Chapter 16
A Community of Tennessee Writers, Readers & Passersby

Tunneling Along Memory

In his debut collection, Ghost Gear, poet Andrew McFadyen-Ketchum revisits his Nashville boyhood

“Why tunnel back along the grooved slate of memory?” asks Andrew McFadyen-Ketchum in “Slag,” one of the poems in his debut collection, Ghost Gear. It’s a question he seems to ask, in one way or another, in many of the twenty-four poems here, most of which revisit his Nashville boyhood through a rough mix of tender feeling and powerful, occasionally violent imagery. McFadyen-Ketchum’s work excavates the past almost compulsively, sometimes seeking revelation but more often simply to experience the bittersweet pleasure of remembering.

These poems are filled with the ragged, feral energy of boys and young men who can never be still, never miss an opportunity to bump up against the world. “Sacrament” recalls “slipping through neighbors’ windows” and hammering open .22 rounds “to powder the bomb that panged / the tree-frogged dark into silence.” “Night Driving” is about just that—sneaking the family car out of the driveway for a little underage joyriding, with “the dual red eyes / of my demons so far ahead / I thought I’d never catch up.” Many injuries are suffered, and a few are inflicted: bee stings, burns, a punched nose, and a rusty nail through the foot, to name a few. It all serves to evoke the profoundly physical experience of a certain brand of male childhood. These wince-inducing moments take the poems beyond the dull world of reminiscence into the vivid, immediate realm of true memory.

They also serve to uncover the reader’s nerve endings in preparation for deeper, more terrible pain that lurks in McFadyen-Ketchum’s past. The effect is especially powerful in “The Word Damn and the Word God,” which begins with a surprise assault by bees —“crying countless curses, every inch of my body scorched”—and ends with a sickening act of violence:

So glory be to the Goddamns
he cried all those hours it takes a knife to the gut to kill a man.
Goddamns to the hours it must have taken Chris to die.

Every recollection of Southern boyhood seems to require a certain kind of charged encounter with nature, and that tradition exists in these poems, as well. But the landscape that inhabits McFadyen-Ketchum’s memory also includes the waste places and forgotten corners of wildness to be found in sprawling Nashville circa 1990. In “The Lives of Boys,” a trek across a derelict bridge combines an image of rural idyll with one of urban ruin.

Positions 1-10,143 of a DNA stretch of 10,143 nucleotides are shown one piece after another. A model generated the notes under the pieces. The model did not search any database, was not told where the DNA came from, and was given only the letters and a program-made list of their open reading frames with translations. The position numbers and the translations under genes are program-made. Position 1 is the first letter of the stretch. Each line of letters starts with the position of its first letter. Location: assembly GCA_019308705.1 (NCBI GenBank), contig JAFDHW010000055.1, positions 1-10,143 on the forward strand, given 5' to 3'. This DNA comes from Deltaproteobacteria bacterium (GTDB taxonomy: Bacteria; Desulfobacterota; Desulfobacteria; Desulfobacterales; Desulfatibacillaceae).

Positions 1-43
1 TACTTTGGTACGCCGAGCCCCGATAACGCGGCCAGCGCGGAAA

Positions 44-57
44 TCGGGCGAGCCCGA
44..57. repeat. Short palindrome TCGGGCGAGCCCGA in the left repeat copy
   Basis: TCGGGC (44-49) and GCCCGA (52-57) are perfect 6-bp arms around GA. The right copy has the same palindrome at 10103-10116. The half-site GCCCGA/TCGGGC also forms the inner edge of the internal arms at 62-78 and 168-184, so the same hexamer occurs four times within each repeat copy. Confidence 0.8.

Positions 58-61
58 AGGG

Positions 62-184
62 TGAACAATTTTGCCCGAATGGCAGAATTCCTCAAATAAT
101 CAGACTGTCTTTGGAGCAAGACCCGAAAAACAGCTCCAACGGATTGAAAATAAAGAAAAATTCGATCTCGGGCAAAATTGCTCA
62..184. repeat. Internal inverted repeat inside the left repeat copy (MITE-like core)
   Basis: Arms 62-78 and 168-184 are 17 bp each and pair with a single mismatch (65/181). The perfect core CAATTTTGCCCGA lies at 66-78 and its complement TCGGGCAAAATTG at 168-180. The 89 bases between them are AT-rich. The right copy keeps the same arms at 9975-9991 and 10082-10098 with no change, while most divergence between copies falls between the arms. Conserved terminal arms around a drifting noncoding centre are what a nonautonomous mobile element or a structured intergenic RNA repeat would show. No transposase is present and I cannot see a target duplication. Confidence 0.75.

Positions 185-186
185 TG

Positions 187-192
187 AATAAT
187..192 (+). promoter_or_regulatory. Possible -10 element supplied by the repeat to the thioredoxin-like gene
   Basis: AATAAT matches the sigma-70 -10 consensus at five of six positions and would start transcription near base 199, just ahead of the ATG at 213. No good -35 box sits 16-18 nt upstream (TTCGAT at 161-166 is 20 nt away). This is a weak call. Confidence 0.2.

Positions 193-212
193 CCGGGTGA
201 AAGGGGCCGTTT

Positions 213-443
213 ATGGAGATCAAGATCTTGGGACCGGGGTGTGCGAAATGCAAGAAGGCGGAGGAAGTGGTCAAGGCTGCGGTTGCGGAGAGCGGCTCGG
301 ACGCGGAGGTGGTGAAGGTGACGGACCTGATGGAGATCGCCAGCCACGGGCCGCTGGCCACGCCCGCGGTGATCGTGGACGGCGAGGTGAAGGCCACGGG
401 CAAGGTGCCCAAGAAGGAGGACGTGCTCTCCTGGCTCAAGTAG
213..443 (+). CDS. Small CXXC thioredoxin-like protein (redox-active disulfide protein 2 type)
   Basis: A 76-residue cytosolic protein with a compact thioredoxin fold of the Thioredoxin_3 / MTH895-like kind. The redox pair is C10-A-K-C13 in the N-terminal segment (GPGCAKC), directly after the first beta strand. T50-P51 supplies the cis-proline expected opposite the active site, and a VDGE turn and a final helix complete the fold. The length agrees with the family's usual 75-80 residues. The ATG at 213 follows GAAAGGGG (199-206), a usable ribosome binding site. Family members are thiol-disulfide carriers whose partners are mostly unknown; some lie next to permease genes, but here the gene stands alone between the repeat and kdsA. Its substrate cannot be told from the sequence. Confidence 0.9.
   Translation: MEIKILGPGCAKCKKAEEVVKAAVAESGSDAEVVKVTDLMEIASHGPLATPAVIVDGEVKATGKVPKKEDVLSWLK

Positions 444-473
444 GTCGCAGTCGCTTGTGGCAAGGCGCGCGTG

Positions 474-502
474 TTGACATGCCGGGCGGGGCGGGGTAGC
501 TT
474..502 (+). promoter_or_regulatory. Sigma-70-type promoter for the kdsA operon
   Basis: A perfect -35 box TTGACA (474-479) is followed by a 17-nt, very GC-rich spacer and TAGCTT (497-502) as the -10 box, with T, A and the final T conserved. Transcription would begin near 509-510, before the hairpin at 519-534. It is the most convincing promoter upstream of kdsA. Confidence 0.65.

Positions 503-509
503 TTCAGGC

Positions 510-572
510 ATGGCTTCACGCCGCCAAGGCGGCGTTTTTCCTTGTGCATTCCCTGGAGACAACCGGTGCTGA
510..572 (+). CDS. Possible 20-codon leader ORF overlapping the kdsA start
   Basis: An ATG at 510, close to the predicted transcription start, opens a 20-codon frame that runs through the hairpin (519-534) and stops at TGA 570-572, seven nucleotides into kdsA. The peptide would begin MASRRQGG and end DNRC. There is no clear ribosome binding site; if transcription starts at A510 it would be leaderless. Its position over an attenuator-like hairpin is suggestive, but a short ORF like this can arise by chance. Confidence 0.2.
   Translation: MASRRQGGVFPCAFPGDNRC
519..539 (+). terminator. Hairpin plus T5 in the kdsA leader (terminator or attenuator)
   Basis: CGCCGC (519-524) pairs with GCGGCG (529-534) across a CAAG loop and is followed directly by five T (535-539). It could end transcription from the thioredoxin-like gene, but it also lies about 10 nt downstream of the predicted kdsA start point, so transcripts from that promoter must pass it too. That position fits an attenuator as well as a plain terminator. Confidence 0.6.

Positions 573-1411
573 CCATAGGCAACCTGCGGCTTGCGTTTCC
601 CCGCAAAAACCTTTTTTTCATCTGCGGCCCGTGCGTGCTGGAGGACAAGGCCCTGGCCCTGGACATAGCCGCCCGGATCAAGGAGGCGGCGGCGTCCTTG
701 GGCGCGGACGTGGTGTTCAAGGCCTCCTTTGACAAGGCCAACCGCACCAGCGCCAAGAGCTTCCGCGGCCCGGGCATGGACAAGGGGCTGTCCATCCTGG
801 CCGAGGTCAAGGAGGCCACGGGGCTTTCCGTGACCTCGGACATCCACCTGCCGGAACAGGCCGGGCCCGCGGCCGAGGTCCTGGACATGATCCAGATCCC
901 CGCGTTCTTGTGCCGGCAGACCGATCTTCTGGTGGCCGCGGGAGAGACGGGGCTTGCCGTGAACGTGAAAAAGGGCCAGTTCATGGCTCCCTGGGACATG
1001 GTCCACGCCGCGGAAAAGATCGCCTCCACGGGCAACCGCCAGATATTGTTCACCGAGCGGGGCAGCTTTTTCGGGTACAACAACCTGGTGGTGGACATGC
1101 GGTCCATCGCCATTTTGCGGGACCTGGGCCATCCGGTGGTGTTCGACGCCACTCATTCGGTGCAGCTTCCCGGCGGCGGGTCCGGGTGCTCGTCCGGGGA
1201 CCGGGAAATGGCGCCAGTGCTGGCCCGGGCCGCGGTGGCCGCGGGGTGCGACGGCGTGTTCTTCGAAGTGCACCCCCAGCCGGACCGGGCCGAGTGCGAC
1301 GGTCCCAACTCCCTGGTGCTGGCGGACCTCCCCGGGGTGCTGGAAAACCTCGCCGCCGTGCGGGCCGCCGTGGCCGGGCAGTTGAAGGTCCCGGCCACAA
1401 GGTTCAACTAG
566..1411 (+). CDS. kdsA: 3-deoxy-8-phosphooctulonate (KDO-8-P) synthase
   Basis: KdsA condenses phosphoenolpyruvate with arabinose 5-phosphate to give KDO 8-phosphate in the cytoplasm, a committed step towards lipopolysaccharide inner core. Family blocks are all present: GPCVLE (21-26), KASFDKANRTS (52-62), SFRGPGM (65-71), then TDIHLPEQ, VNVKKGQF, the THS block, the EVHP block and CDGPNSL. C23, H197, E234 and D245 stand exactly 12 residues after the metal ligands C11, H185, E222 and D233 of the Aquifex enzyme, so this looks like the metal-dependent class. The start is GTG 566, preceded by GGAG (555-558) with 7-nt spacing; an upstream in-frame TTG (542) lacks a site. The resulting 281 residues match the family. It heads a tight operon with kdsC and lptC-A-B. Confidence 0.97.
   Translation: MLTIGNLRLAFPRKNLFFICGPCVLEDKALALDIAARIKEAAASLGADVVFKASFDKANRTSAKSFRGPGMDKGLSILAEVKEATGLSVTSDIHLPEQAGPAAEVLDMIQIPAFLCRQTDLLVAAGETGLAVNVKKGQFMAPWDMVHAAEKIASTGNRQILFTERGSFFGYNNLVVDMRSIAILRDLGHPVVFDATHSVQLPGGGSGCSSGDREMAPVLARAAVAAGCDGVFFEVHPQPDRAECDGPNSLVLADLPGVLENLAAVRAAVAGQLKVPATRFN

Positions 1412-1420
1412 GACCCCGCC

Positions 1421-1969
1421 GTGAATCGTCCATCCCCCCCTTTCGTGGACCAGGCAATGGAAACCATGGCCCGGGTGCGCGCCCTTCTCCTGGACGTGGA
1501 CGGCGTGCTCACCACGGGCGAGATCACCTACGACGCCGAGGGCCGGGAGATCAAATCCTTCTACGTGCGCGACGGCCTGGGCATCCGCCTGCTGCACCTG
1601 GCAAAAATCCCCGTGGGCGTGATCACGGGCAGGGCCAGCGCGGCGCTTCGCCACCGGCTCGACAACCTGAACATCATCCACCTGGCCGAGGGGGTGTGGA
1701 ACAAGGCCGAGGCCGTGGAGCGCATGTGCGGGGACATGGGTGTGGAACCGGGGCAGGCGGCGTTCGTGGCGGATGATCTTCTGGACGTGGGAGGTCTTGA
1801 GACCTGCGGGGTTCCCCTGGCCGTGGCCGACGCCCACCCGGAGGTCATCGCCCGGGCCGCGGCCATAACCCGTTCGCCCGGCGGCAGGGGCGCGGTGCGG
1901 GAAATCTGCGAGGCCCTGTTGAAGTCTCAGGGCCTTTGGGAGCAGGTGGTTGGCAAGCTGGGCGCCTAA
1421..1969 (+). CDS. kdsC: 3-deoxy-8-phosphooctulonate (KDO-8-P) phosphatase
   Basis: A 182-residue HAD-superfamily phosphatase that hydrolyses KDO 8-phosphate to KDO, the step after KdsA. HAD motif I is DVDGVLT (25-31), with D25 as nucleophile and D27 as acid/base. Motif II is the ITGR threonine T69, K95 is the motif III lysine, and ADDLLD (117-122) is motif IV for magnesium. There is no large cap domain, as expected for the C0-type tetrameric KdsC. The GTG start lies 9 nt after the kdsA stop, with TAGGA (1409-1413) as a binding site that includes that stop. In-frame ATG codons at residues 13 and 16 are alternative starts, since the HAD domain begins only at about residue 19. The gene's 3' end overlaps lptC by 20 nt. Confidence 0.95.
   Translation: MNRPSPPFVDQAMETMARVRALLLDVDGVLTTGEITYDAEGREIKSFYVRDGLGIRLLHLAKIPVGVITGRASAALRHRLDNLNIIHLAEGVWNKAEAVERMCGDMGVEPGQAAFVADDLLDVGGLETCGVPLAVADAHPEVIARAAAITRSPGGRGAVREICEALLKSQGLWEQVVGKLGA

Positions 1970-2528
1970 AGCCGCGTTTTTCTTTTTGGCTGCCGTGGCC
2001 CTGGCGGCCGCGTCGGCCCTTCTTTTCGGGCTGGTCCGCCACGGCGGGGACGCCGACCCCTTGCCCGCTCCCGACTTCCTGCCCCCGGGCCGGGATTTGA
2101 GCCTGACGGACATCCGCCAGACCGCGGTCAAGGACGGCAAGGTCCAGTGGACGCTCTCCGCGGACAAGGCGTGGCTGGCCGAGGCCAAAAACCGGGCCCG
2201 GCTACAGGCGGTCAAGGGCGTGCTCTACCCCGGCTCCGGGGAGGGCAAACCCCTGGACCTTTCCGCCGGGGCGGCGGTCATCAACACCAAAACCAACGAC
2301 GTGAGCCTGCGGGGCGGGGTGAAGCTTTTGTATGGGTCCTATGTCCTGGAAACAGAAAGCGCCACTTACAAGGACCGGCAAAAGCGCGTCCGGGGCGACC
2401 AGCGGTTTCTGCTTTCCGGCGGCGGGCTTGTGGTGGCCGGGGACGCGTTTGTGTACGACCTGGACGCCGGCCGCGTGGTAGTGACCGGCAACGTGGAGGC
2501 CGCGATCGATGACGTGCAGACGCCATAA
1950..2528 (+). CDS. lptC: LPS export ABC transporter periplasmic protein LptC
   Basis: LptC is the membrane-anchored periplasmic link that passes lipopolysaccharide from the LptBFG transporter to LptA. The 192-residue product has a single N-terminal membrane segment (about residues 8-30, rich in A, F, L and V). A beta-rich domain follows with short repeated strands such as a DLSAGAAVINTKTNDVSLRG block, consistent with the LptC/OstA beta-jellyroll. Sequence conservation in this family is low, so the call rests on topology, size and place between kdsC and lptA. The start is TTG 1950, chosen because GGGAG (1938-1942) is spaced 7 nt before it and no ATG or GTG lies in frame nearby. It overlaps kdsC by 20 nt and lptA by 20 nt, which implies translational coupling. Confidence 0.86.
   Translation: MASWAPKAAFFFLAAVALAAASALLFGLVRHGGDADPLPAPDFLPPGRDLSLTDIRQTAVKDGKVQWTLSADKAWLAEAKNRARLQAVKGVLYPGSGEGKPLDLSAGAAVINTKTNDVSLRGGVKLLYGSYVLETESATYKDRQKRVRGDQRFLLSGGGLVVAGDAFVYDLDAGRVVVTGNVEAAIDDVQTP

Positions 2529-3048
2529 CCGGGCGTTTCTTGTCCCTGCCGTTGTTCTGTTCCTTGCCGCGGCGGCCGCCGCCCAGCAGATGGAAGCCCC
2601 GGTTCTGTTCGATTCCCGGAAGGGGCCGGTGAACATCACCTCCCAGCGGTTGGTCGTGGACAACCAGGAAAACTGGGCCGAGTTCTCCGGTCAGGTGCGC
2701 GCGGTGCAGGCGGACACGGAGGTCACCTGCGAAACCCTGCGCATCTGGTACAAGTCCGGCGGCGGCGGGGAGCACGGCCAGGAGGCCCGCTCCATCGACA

the tang of vomit and whiskey drifting up
     with the snap of rapids from the creek below
     where we skipped rocks across the backs of bluegill.

Anyone who knows Nashville well will recognize many of the settings in Ghost Gear—Richland Creek, the Lion’s Head movie theater, the Marathon building, and Old White Bridge, among others. This specificity of place lends just the right sort of mythic quality to the narratives. The places we recall from childhood are always unique and eternal, existing out of time in the particularity of memory, and their names become inseparable from our recollection of them.

Truly wild, or at least rural, places figure in Ghost Gear, too, often in references to the poet’s father, who is a sort of secondary protagonist here. In “Lost Creek Cave,” father and son visit the White County landmark “where water stands in pools so clear it seems suitable / only for the holy” and find themselves trapped by a sudden flood. The brush with death becomes a shared experience of terror and a memory of love:

My father’s favorite part of the story is how,
when light finally broke around a bend in the cave,
he turned to look at me and saw me for the first time.

Childhood memories are invariably marked by memories received secondhand. The stories we hear from parents and grandparents become part of our own stories. In Ghost Gear, the father’s often repeated tale of near-drowning is owned by the son, as both a memory of his own—“I am a poet retelling a telling”—and an inherited memory:

      And the last thing he sees is the wave
And the last thing he hears is something like the clap of a thousand hands

And the sea took him.

Ghost Gear is essentially a memoir, and taken as a set the poems have the compelling readability of good narrative. The abundance of action—much of it not pretty—offers readers an irresistible sense of voyeurism, while the ruminative, questioning quality of the telling encourages a more thoughtful response, as well. We may not see our own life experiences in McFadyen-Ketchum’s recollections of boyhood, but we do see our experience of memory in his poems.

[To read an excerpt from Ghost Gear, click here.]

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